Plan Terminations and Partial Terminations

Valuable Information on 401ks, Pensions, ESOPs, Form 5500 Preparation + More

Employers are allowed to terminate 401K benefit plans offered to employees for a variety of reasons. Employers are not required by law to provide retirement savings plans, and can terminate them as a part of a bankruptcy or merger, in order to switch to another type of plan, or voluntarily terminate the plan.

According to the IRS, employers must give their employees notice of the plan termination at least 30 days in advance, and employees in the plan must immediately be 100% vested in their accounts upon plan termination, regardless of what the vesting schedule is within the plan document. This means they will be 100% vested in employer matching contributions and profit sharing contributions in their accounts upon termination of the plan. Employers are required to distribute the assets of the plan to employees as soon as it is feasibly possible upon plan termination, usually within one year. Participants are also allowed to roll over the distributed funds into another qualifying IRA or 401(k) without penalty.

An employer can also incur a partial plan termination. This usually happens when an employer closes a plant or division that results in significant number of employees being terminated at one time (usually above 20%). Employees that are affected by the partial plan termination have the same rights as if the entire plan was terminated, therefore they are also become 100% vested in their accounts regardless of the normal vesting schedule of the plan. Normal turnover is not considered a partial plan termination, even if it is over the 20% threshold in a given year. Some factors that signal normal turnover are if the terminated employees are replaced, the new employees perform the same functions and have the same job titles, and the new employees receive similar compensation. Voluntary terminations or employees that quit generally will not qualify the plan for a partial termination.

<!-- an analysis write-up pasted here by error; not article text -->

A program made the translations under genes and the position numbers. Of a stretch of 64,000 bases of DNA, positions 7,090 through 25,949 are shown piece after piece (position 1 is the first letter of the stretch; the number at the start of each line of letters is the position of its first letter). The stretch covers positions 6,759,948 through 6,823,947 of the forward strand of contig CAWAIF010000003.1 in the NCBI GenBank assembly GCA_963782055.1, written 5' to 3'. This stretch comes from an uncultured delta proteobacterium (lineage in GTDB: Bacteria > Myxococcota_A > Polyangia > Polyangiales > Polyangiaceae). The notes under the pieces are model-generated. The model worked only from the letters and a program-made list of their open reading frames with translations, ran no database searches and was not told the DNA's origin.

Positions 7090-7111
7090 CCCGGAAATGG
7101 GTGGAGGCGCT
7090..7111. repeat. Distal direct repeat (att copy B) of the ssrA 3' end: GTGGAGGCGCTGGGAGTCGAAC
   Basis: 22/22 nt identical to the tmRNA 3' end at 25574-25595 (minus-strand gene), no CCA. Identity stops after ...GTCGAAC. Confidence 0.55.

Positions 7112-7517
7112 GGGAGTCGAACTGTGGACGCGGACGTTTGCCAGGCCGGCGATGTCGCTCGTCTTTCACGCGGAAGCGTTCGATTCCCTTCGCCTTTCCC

Employers need to be aware of partial plan termination guidelines to make sure that terminated employees receive proper benefits. In a partial plan termination, terminated employees should not incur any forfeiture in their accounts, as they are 100% vested upon the partial termination of the plan. If forfeitures are incurred in this situation, the employer is responsible to pay employees the amount that was forfeited. However, if the termination event does not fall under a partial plan termination, employees may have to forfeit portions of their account that are made up of matching and profit sharing contributions, based on the terms of the plan document.

Plan terminations can happen for a lot of reasons; however, the IRS has rules in place to protect the assets of employees in the event of termination. Employers should also consider the repercussions of plan terminations or partial terminations, and be aware of the rules regarding these events.

By Tyler Henkel